GIVING | Mark your calendars! Give to the Max Day is November 9th. The Community Foundation’s Terri Freeman and the United Way’s Bill Hanbury are really excited for it. You should be, too! (WG Daily, 9/20)

EDUCATION
– Prince George’s County Public Schools Superintendent William Hite has been appointed to the National Parent Teacher Association’s board of directors. (Examiner, 9/20)

Related: WRAG members met with Hite and County Executive Rushern Baker in June to discuss education reform in the county. (WG Daily, 7/7)

– Bill Turque writes about last night’s Standing Ovation event honoring the District’s best educators. (WaPo, 9/20) Tamara attended and tweeted about the event. (@WRAGprez)

YOUTH | Members of WRAG’s Children, Youth, and Families Working Group heard from children’s mental health experts earlier this month. (WG Daily, 9/20)

HOUSING | Md. Housing Dept. Moving To New Carrollton (WAMU, 9/20)

ECONOMY | Some positive news: Commercial construction rebounds in metro Washington (Region Forward, 9/20)


Here’s the first look at Clint Eastwood’s J. Edgar, which filmed around the region earlier this year.

While I’m on the subject, I’d love to hear your input on a debate I recently had. Do you pronounce the word “biopic” as bio pic or bi-opic? I say bio pic, since it is really just shorthand for biographical picture. The other way sounds like a medical procedure. Feel free to comment below!

Funders announce one-day online giving push for November [News, 9.15.11]

At a press conference at Martha’s Table yesterday, the Community Foundation for the National Capital Region’s Terri Freeman and the United Way of the National Capital Area’s Bill Hanbury announced that November 9th will be Give to the Max Day. The event is being promoted by the entire 8 Neighbors group representing nonprofit, business, philanthropic, and government leaders, and will be a one-day push, supported by online fundraiser Razoo, with a goal of raising $3 million in donations and grants for area nonprofits.

In the Washington Post, Bill Hanbury points out the advantages of an online push (WaPo, 9/16):

More and more consumers, individual donors, are turning to online giving…In some ways, we’ve gotten outmaneuvered by digital applications. This will let us jump over workplace giving.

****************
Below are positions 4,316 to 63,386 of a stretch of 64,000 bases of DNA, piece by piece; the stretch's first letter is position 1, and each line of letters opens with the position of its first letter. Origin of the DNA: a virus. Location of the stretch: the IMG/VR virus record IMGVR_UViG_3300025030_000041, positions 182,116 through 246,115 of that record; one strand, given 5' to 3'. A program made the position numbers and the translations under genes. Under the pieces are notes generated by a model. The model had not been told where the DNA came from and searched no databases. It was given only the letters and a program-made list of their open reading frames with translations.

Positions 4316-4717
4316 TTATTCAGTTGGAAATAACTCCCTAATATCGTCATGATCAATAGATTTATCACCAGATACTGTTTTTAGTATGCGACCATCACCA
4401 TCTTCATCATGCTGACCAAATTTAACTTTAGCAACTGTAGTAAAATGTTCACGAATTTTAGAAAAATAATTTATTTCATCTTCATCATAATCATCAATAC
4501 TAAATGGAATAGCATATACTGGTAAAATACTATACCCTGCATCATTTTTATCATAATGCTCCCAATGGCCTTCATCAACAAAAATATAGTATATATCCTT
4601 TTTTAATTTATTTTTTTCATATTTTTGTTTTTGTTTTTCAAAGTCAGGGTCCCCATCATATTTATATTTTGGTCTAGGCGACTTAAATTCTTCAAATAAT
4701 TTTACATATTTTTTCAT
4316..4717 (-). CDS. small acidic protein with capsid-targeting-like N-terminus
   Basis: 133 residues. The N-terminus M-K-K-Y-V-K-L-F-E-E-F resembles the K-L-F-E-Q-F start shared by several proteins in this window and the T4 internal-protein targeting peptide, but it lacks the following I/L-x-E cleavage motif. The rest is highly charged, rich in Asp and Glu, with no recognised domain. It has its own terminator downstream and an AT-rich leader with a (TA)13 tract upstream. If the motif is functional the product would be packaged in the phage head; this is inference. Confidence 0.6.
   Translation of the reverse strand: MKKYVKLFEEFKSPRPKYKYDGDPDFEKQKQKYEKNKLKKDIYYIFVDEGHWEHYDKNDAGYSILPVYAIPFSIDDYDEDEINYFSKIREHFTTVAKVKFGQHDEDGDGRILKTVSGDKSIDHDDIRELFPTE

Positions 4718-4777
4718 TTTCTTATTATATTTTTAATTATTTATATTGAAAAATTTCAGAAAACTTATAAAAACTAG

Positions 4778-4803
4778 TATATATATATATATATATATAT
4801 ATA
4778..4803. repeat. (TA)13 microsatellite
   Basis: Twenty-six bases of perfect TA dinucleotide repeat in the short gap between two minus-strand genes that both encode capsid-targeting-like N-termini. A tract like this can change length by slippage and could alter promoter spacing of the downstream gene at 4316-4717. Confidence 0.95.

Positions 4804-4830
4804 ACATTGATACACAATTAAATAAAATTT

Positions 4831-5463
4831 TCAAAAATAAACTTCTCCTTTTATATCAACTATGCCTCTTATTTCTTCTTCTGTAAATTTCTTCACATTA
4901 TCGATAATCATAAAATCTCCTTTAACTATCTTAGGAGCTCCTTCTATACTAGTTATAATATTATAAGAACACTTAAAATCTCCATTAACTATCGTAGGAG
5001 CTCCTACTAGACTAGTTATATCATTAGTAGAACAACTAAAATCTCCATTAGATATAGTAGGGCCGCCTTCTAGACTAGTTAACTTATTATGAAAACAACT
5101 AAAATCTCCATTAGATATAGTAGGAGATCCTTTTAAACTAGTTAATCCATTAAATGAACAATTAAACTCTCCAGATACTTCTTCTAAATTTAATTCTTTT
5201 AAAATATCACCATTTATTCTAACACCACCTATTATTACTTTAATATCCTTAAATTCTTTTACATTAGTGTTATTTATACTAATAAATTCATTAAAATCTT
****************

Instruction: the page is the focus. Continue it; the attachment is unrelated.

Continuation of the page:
Terri Freeman says the time is right:

The economic news isn’t getting any better, and the government funding is down… We’re the nation’s capital. We ought to be able to do this in grand style.

And Tamara Copeland notes:

Eighty percent of giving nationally is from individuals…[s]o the foundation community is particularly supportive of this concentrated effort to build a larger base of the support for the local nonprofit sector.

We’ll have more on Monday, including a message from Bill and Terri.

ARTS | In partnership with foundations, corporations, and government agencies, the National Endowment for the Arts has announced a new grants program called ArtPlace, which seeks to promote arts and culture as catalysts for economic growth in 34 cities around the country (New York Times, 9/14).

D.C. is one of the cities, with a grant to the Office of Planning to support Arts and Culture Temporiums in Anacostia, Brookland, Central 14th Street, and Deanwood (ArtPlace, 9/15).

Related: In 2009, Americans for the Arts president and CEO Bob Lynch told funders: To fix the economy, fund the arts (WG Daily, 2/9/09).

REGION | Fairfax chairman candidates debate development, housing, transit (WaPo, 9/15)

Related: A delegation of WRAG members recently met with Sharon Bulova, chairman of the Fairfax County Board of Supervisors, to introduce her to the collective of funders working in, interested in, and funding in Fairfax County, and to explore opportunities for a richer partnership.

Related: Tamara asks, “Who are we? What are we? What is our name?” (WG Daily, 9/16)

EDUCATION | While SAT scores declined regionally and nationally this year, Montgomery County Hispanic students, who make up 25 percent of the public schools’ student body, actually raised their scores by eight points (Examiner, 9/15).

Related: WRAG members – Don’t miss the chance to meet Dr. Joshua Starr, the new superintendent of Montgomery County Public Schools, on September 28.

WORKFORCE | Gray plans tax credits to help get D.C. residents hired (TBD, 9/15)

POVERTY | The D.C. Fiscal Policy Institute takes a preliminary look at census data on food stamp participation and employment and health insurance levels and suggests that poverty likely increased in the District in 2010 (DCFPI, 9/13). The Census Bureau will release more in-depth state level data next week.

YOUTH | The Post profiles a group of ex-offenders in Ward 7 who are trying to address the problems of youth violence in their neighborhoods by walking through their community and engaging with kids on their way to school (WaPo, 9/16).


– Rebekah